Intel Corp’s Mobileye, a Jerusalem-based maker of self-driving technologies, has set up a strategic collaboration with two French-based firms to jointly develop and deploy commercial autonomous shuttles for public transportation services in Europe in 2023 and then globally.
The agreement is with France’s Transdev Autonomous Transport System (ATS), part of the Transdev Group, a private-sector public-transport operator, and the Lohr Group, a maker of car-transport and other vehicles. The companies will integrate Mobileye’s self-driving system into the i-Cristal electric shuttle, manufactured by Lohr Group, with plans to integrate it into public transportation services powered by fleets of self-driving shuttles across the globe, starting in Europe.
A pilot for the testing of the shuttles will start next year in France, the companies said in a statement on Thursday, with commercial services, the deployment of self-driving shuttles in public transportation networks, expected a year later in Europe.
“Our collaboration with Transdev ATS and Lohr Group serves to grow Mobileye’s global footprint as the autonomous vehicle (AV) technology partner of choice for pioneers in the transportation industry,” said Johann Jungwirth, vice president of Mobility-as-a-Service at Mobileye. “Mobileye, Transdev ATS and Lohr Group are shaping the future of shared autonomous mobility, and we look forward to bringing our self-driving solutions to regions all over the world.”
The collaboration will enable the deployment of autonomous vehicles in public transportation networks at a large scale, using the combination of the complementary technologies and the industrial expertise of the three partners, said Patricia Villoslada, executive vice president of Transdev ATS. “Together we will bring new mobility solutions to reality in the next coming years.”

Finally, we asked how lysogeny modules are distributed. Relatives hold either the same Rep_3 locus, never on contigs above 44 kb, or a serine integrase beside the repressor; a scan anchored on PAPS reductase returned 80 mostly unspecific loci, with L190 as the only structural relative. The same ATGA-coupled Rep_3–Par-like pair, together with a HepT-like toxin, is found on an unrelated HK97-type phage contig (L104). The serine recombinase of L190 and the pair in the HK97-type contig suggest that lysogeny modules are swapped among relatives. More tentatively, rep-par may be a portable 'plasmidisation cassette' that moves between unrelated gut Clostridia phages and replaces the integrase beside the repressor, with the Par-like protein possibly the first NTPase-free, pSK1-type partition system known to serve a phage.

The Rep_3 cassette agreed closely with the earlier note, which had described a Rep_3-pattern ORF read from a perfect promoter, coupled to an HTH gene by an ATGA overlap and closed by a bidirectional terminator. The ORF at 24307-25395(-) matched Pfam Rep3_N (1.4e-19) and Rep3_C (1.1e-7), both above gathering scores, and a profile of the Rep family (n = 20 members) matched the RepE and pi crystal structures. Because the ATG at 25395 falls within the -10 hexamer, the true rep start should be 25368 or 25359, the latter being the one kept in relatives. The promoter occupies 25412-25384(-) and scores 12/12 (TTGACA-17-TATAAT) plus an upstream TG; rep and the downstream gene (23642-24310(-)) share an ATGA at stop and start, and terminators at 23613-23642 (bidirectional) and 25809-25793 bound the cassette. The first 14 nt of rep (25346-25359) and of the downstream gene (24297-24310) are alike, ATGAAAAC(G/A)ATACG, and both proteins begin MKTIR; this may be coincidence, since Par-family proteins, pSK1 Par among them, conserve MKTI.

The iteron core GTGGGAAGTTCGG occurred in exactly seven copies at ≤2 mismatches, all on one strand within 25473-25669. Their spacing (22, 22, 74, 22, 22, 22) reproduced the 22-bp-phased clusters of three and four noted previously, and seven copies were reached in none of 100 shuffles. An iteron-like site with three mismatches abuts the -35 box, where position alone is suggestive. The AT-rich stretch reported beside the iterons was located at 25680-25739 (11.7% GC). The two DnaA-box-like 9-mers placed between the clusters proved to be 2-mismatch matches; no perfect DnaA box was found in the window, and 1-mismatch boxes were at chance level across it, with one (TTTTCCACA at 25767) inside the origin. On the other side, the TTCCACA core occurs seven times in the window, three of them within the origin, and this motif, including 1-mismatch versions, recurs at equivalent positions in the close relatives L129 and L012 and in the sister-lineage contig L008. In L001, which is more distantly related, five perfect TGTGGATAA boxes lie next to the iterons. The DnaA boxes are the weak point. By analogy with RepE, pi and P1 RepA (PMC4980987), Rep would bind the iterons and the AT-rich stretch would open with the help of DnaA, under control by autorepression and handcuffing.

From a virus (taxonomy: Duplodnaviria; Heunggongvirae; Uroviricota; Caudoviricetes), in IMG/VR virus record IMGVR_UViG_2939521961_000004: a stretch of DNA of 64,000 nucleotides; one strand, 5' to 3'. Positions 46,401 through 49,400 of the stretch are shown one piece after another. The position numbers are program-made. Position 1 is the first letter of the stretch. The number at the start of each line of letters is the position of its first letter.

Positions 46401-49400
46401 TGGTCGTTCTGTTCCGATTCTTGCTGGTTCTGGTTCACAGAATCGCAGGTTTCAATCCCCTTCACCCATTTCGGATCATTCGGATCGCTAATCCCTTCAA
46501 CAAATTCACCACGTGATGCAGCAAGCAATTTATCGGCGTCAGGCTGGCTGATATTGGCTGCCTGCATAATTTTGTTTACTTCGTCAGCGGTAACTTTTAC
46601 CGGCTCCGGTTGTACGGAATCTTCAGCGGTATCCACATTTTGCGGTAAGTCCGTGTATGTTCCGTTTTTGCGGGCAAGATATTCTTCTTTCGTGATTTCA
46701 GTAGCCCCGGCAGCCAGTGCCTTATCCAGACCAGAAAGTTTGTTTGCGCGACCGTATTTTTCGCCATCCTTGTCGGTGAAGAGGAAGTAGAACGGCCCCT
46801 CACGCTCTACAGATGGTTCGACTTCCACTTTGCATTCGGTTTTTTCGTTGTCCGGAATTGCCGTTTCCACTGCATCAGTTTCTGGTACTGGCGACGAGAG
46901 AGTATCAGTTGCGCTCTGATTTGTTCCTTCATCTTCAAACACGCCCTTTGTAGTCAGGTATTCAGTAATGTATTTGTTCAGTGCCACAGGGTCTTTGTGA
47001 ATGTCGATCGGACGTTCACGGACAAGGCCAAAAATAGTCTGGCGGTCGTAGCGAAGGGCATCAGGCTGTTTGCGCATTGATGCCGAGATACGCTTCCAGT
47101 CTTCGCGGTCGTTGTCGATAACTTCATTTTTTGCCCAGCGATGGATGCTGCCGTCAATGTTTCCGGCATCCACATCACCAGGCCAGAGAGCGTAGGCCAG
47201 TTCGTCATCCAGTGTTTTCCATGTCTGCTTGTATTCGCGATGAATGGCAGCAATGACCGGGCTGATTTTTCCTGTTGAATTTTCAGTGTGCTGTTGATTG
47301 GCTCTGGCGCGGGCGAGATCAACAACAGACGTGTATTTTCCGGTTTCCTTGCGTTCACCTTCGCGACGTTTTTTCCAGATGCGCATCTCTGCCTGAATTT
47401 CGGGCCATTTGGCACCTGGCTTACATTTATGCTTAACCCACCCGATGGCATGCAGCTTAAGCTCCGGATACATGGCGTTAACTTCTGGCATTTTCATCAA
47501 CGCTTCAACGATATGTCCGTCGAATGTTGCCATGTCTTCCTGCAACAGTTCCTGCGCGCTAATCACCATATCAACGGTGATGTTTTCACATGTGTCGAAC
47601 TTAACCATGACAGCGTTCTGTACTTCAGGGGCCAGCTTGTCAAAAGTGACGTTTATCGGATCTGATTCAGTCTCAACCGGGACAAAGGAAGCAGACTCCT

The goal is to provide clients access to autonomous shuttles that could be easily and efficiently implemented in cities, said Marie-José Navarre, vice president of Lohr Group. Autonomous public transportation can be woven into existing transportation networks to distribute services when and where needed, while optimizing fleets, lowering transportation costs and improving customer experiences, he added.
Through the collaboration, Mobileye and Transdev ATS will bring their technologies and expertise to the electric i-Cristal shuttle, manufactured by Lohr Group, which features space for up to 16 passengers and is fully accessible via a ramp. The shuttle can travel at speeds up to 50 kilometers per hour and is designed to safely and efficiently operate within today’s public transportation networks with Transdev ATS’ solutions, the statement said.
Mobileye’s self-driving system is based on two core technologies that includes software for the system’s decision-making process and a perception system, which uses cameras and radars and lidars to make the vehicle “see” its surroundings.
The self-driving system can also be deployed without geographical limitation thanks to Mobileye’s mapping technology for autonomous vehicles (AV), through which a proprietary, crowdsourced AV map of the global road network is created and then continuously and automatically updated using data gathered from mass-market advanced driver-assistance systems, the statement said.
Israel’s Mobileye was acquired in 2017 by Intel for $15.3 billion.
Transdev is jointly held by Caisse des Dépôts Group (66%) and the Rethmann Group (34%). In 2019, it had 85,000 employees in 18 countries, and its parent company, the Transdev Group, generated total revenues of 7.4 billion euros ($9 billion).
Lohr Group designs, builds and sells passenger and cargo transportation systems. Its global industrial presence includes six factories on three continents, 2,000 employees, and one R&D hub.